DoCat, Ignatius Press, £6.99
This book, which is packed with photographs, excerpts from papal encyclicals and quotations from the saints and other thinkers, is a sequel to an earlier publication, YouCat, the catechism for youth. Its remit is to adapt the social teaching of the Church for popular understanding and usage, especially by young people (it was released at World Youth Day).
As such, it is not designed to be read straight through, but to be used for debate and discussion. I would heartily recommend it for parish youth groups, as well as for Catholic schools and colleges, to help this age group see that Catholicism is not just about private devotion but about living one’s faith within society.
There are chapters on the Church’s social mission; using new media; the human person; and the differences between Marxism and Christian social democratic movements, among other topics. Young people of energy and idealism will be fired up by the sections on welfare and justice, the limits of the free market and the just wage.
The Global Sexual Revolution by Gabriele Kuby, Angelico Press, £13.00
Kuby, a German sociologist and convert, has subtitled her book “Destruction of Freedom in the Name of Freedom”. It highlights the difference between the Christian meaning of freedom, ie the freedom to embrace our divine destiny as sons and daughters of God, and the secular understanding of the word: the moral licence to live as we choose, as long as our desires don’t hurt other people. For Christians, this is a contradiction in terms.
Kuby’s book is written as a warning, alerting readers to what is happening at great speed within society. As such, it deserves to be widely read. As she observes: “Never before has there been an ideology that aims to destroy the gender identity of man and woman and every ethical standard of sexual behaviour.” Writing as a sociologist, she observes the developments within society. As a mother, she is “committed to the future of the next generation”. And as a Catholic, she tries to live “what I believe”.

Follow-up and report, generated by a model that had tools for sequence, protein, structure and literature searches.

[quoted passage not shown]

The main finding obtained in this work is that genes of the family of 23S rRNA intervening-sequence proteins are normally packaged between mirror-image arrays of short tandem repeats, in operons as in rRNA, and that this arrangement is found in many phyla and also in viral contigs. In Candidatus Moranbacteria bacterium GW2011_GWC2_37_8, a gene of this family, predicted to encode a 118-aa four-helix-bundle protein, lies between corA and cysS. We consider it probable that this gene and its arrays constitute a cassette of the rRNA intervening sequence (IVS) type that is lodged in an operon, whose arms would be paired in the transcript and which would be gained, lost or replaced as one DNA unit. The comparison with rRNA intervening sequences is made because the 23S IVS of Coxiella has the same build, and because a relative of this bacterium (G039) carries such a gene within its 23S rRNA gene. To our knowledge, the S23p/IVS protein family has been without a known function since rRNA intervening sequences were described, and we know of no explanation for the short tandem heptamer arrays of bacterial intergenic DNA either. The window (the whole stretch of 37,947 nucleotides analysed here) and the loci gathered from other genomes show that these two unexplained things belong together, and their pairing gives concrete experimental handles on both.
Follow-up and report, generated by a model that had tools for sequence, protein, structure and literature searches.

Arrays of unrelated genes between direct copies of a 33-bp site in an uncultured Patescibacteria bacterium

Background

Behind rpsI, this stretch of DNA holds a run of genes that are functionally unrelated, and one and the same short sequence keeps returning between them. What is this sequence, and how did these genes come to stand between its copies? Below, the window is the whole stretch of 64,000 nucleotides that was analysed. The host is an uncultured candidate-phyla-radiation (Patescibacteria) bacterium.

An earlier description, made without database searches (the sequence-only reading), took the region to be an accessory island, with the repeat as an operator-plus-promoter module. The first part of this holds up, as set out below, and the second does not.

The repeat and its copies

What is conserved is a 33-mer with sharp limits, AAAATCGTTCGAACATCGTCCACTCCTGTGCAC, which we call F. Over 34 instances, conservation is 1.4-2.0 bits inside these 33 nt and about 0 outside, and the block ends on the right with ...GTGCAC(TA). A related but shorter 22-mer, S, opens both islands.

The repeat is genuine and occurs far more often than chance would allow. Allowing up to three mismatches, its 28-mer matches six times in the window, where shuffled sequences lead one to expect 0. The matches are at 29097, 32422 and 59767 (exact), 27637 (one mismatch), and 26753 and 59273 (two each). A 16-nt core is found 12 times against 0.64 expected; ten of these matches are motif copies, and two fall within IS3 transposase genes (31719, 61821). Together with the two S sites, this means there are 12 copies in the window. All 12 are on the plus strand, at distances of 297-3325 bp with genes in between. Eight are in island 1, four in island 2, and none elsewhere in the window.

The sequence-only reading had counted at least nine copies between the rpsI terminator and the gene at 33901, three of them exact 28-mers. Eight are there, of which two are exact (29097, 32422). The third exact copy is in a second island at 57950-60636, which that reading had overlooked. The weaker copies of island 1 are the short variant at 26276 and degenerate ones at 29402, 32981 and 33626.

This gives her book a serious underpinning. The statistics and other data she has accumulated in her research are designed to provide information about what affluent Western cultures, alongside the UN and the EU, are trying to impose on society, building on the earlier work of influential writers deeply hostile to Christianity, such as Margaret Sanger, Alfred Kinsey, Wilhelm Reich and Magnus Hirschfeld (an early proponent of gender ideology).
Kuby points out the obvious: “As sex goes, so does the family; as the family goes, so goes society.” For this reason, she emphasises, all past societies have subjected sexual norms to strict social and legal sanctions. Where once these norms were restrictive, today they are libertine.
Her chapter “From Feminism to Gender Ideology” is particularly instructive. The fight to deconstruct the binary sexual identity of man and woman, as well as “compulsory heterosexuality”, only began in 1990 with the publication of Gender Trouble: Feminism and the Subversion of Identity by an American academic, Judith Butler. Within 20 years it has become an increasingly influential ideology. UN institutions and nationally active NGOs exert massive pressure on those countries that are unwilling to implement abortion, the sexualisation of youth and same-sex marriage.
Despite the gravity of much of her material, Kuby is keen to stress that “It is never too late. We need concepts that will resurrect the treasure of Catholic teaching on love, marriage, sexuality and family and will implement these in concrete educational programmes.” Her book should be read by all Catholics who feel a responsibility to shape our culture for the better.
Radical Love by Toni Greaves, Chronicle Books, £25.00
Greaves, a photographer, has been recording the lives of the nuns of the Monastery of Our Lady of the Rosary in New Jersey since 2008, when she began to capture the significant moments in the spiritual journey of a new member of the order, Sister Lauren. In a series of poetic and dramatic images, we follow Sister Lauren as she makes her first profession, aged 24, through to her solemn profession, aged 28, when she receives a gold ring to signify her mystical marriage to Christ.
There are no captions to the photographs to interrupt a viewer’s own contemplation of the scenes on the page, such as the nuns’ graveyard in the snow, their recreation, working in the kitchen or praying in chapel. The pictures are captivating: for those who might think that joining an enclosed order means suppressing normal life, they provide an education in love and the joy and contentment that flow from responding to a call to serve God in this radical way.
One woman’s inspired idea to show the outside world the fulfilled life within a monastery proves revelatory. When the author concludes with the comment that “Some say the nuns hold up the world in prayer”, you understand how this is the case and how much we need their intercession.
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